IF YOU are of a certain vintage, the names Ian 'Mac' McNaught Davis, Lesley Judd and Fred Harris will conjure up misty memories of trying desperately to make ten minutes of engaging live television out of making an 8-bit bat hit and 8-bit ball.
Now, thanks to the unique way the BBC has somehow not wiped them, you can access all of Micro Live! along with a whole bunch of other computer related series from the 1980s, which are yours to view once more as part of the BBC's latest pilot - the BBC Computer Literacy Project Archive.
From 'Making The Most of Your Micro' to 'Electric Avenue' they're all here - the shows you had to sit through at school, the ones you watched secretly at home so nobody thought you were a geek, and the ones you never knew existed.
Although the technology has moved on, the themes are still the same - hacking, health tech, education, and of course, the Acorn forged BBC Micro B - bought by schools and worthy middle-class parents everywhere.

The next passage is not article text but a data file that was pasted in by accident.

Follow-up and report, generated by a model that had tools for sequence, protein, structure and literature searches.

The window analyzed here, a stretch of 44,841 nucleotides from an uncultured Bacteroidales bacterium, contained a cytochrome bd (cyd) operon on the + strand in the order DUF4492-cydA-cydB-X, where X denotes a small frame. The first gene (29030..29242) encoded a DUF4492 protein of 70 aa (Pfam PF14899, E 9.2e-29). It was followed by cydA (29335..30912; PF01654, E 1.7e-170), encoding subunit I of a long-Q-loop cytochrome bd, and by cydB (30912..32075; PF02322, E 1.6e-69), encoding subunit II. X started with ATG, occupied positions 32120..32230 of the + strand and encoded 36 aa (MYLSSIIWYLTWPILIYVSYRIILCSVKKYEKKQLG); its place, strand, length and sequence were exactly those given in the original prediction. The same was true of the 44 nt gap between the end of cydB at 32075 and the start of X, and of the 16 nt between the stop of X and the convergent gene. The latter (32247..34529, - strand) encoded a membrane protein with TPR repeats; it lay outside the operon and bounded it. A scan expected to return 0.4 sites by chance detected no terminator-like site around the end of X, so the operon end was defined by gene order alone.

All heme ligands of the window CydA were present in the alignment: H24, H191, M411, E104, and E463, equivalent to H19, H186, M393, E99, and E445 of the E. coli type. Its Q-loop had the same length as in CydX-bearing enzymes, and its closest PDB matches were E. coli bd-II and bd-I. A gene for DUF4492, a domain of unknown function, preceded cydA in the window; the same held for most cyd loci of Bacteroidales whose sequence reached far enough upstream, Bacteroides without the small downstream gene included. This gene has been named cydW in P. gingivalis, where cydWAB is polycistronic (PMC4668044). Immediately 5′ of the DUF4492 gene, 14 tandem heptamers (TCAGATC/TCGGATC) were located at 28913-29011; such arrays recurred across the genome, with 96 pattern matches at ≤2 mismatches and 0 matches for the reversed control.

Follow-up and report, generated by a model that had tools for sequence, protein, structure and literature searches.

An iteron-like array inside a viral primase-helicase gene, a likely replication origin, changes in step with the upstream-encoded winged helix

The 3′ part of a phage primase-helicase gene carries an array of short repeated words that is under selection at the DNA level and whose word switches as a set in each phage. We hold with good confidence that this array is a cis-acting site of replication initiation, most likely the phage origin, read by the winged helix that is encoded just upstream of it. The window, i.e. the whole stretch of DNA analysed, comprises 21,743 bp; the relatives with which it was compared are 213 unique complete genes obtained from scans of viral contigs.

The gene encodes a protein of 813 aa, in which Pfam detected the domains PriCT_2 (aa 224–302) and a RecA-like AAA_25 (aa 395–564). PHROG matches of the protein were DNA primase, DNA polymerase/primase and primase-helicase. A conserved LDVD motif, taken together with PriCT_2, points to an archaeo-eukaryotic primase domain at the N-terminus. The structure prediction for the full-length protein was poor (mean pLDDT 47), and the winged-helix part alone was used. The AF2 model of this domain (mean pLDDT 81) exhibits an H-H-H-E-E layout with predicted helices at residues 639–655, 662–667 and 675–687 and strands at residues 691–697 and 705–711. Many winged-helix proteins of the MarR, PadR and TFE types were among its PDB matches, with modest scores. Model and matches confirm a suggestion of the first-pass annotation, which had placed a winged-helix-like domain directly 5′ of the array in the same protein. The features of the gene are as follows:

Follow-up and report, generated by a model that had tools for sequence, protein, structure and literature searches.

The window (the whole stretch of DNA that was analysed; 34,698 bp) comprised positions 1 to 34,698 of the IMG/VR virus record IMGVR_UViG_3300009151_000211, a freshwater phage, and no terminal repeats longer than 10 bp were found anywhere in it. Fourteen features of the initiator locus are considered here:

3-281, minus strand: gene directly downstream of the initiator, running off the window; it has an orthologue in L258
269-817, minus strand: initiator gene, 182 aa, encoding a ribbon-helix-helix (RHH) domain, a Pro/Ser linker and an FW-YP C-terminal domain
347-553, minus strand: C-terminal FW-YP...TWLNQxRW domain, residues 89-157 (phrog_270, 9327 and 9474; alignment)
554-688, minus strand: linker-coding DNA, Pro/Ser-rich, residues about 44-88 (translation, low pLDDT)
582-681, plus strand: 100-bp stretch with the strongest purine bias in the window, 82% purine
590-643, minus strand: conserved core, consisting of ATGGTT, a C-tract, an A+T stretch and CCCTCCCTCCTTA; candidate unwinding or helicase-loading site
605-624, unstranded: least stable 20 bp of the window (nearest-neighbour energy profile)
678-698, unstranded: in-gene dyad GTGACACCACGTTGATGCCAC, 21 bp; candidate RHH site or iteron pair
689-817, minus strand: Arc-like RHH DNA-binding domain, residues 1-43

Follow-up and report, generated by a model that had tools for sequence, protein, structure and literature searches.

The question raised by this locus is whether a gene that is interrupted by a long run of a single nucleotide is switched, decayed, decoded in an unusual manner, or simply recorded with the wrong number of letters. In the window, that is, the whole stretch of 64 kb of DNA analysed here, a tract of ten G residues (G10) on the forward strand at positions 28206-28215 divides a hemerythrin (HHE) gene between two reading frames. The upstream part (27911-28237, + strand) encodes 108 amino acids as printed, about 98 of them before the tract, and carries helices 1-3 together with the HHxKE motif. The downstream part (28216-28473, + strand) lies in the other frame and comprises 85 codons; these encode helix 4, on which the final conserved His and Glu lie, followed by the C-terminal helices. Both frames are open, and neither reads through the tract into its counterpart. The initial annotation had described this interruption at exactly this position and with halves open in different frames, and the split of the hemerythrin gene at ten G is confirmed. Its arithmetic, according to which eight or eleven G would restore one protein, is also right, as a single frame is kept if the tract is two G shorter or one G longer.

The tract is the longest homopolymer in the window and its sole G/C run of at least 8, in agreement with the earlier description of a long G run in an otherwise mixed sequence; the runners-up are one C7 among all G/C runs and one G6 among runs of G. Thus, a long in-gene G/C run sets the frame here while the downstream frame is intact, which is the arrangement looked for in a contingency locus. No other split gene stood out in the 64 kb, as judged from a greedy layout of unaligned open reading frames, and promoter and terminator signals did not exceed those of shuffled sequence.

To make the most, you'll really need the software referred to in the programs, but don't worry, Auntie has your back here too - all the shows come with browser emulations of the software.
Matthew Postgate, BBC chief technology and product officer, says: "Four decades ago the BBC's Computer Literacy Project helped inspire a generation of coders, many of whom still work in the computer industry today.
"This archive offers a fascinating and nostalgic glimpse into an important milestone in the history of computing. The hardware may have changed, but the principles still apply - which also makes it a unique resource for teaching and learning that will hopefully encourage a new generation of computer users."
Sometimes, looking to earlier computing can give us a barebones solution to the problems we face today, and so a look back to these pioneering times is a gateway into how to solve problems without over-engineering it.
In the earliest shows, you can see how the BBC Computer Literacy Project came about, way back in 1980, with the next decade seeing projects of all kinds to encourage early coders and projects like the reimagining of the Doomsday Book, which was eventually released on Laserdisc, because cutting edge is just how they rolled back then.
In total, there are 267 shows which if you don't fancy watching through, are also chopped into 2509 clips sorted by topic or text search, along with 166 BBC Micro programs emulated.
Get stuck in, you crazy nerdy melancholy fool. μ
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